United Airlines, which faced intense backlash over violently dragging off a passenger due to flight being overbooked, has again made another policy change aimed at preventing such incident.
Investors, not to mention everyone on social media, let United Airlines know this week that the company was out of line Sunday night when one of its ticketed passengers was dragged off an airplane by his feet, his face bloodied, to make room for one of four United crew members who needed a ride to their next destination.
Other airlines said they were examining their policies.
The U.S. Department of Transportation said late Monday it is reviewing the removal of the passenger "to determine whether the airline complied with the oversales rule".
While overselling flights is standard practice in the airline industry, the UA scandal has drastically shifted the balance of power in favor of the consumer with politicians piling on the pressure for reform.
NPR noted that Delta asks passengers individually at check-in if they would be willing to give up a seat.
The incident occurred on the overbooked United Express Flight 3411 flying from Chicago's O'Hare International Airport to Louisville, Ky., on April 9. United Continental CEO Oscar Munoz's initial attempts to apologize were roundly criticized.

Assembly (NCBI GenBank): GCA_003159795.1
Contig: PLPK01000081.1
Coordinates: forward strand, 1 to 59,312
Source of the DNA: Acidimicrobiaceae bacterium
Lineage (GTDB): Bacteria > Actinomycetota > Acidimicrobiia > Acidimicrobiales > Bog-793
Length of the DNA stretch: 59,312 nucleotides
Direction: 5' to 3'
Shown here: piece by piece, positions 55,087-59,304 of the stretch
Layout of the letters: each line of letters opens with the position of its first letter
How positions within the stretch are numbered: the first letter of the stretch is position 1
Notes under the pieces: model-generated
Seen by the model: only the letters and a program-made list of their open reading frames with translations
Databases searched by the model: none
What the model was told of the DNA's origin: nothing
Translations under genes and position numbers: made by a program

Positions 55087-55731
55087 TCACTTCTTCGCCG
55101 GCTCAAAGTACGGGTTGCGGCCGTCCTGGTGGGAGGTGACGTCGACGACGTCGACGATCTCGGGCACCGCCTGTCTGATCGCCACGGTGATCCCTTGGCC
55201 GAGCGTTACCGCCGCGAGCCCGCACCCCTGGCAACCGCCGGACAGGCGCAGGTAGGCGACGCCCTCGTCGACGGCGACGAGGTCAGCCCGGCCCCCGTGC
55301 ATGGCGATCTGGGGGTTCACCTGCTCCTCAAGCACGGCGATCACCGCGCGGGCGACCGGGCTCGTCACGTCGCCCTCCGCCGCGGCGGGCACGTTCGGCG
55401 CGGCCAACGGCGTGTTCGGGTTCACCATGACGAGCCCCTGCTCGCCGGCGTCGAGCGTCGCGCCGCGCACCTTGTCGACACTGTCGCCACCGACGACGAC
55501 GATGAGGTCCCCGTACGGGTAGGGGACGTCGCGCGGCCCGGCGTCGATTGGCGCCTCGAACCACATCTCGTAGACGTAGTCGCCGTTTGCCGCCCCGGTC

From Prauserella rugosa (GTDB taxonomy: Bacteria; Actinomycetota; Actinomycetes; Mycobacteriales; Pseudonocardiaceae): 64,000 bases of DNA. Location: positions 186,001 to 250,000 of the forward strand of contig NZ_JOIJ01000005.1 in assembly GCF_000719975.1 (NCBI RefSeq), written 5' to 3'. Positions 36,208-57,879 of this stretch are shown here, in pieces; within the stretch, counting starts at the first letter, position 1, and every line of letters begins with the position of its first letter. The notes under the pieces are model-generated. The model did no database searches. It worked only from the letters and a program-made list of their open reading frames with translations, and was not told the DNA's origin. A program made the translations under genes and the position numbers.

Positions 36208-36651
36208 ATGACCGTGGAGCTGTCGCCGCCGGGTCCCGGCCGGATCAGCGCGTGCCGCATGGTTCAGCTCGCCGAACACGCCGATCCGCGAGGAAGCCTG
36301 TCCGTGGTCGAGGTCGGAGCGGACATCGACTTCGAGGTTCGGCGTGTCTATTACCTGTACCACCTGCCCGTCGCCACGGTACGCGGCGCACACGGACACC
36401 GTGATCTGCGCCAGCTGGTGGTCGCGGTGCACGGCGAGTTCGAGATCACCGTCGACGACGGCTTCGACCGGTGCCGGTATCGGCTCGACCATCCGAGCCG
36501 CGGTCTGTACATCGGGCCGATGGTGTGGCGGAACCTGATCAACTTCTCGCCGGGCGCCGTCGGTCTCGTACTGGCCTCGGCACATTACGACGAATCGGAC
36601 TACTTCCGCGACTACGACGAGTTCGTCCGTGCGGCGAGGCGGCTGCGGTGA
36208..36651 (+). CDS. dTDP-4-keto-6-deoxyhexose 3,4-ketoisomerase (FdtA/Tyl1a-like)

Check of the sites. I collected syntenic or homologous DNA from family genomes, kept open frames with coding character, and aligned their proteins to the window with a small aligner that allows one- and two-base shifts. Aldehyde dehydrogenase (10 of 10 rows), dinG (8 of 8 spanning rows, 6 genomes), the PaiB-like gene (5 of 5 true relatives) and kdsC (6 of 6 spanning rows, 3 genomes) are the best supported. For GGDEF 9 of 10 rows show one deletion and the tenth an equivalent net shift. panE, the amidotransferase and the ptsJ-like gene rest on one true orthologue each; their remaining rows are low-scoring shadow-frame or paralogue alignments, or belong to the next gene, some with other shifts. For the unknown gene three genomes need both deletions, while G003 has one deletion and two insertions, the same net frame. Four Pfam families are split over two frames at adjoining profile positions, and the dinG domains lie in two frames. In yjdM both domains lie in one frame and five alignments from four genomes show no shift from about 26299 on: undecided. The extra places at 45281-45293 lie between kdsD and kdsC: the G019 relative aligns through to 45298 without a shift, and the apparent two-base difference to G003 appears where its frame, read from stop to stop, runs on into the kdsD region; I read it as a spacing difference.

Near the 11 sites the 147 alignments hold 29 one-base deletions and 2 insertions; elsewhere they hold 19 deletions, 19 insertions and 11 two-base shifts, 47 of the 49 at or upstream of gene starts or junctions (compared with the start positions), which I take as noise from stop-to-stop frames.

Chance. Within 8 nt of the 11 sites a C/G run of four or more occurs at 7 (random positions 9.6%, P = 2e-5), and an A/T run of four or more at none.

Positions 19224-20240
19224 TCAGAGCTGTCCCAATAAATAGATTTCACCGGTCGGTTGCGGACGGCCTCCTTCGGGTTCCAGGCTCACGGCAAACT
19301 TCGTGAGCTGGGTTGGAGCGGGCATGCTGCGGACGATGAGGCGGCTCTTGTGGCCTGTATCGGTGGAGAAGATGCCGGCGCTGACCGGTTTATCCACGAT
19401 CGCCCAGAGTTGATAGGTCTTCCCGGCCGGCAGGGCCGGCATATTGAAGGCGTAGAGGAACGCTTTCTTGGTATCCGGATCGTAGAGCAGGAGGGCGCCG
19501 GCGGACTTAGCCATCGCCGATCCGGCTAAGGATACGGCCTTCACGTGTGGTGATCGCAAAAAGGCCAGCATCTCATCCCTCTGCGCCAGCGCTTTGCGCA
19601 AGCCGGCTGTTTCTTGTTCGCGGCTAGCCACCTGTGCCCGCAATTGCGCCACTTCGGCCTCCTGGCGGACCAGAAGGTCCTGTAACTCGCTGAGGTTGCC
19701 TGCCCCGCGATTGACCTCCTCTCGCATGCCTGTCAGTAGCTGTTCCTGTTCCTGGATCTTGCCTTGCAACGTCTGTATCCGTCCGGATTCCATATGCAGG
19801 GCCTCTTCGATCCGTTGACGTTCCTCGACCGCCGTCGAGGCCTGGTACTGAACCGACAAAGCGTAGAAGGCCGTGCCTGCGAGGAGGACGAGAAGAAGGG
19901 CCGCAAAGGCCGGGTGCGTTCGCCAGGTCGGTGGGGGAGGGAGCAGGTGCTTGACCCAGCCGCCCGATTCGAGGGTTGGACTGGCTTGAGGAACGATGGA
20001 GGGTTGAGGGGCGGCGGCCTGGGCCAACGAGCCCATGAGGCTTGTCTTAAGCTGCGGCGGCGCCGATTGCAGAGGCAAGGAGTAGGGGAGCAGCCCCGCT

"We need to use this regrettable event as a defining moment and pivot off it to craft friendly policies", Milton said in a note to employees. He said he couldn't imagine many situations in which people wouldn't jump at almost $10,000.
However, previous year Delta Airlines bumped more passengers from flights than any of its competitors, partly because of its generous incentive system.
To put that figure in context, between 2015 and 2016 Delta paid an average of $1,118, Southwest Airlines paid $758, United Airlines $565, and American Airlines $554 per passenger that was requested to give up their seat.
After the incident in Chicago, critics questioned why United didn't offer more when no passengers accepted the airline's $800 offer for volunteers to give up their seats.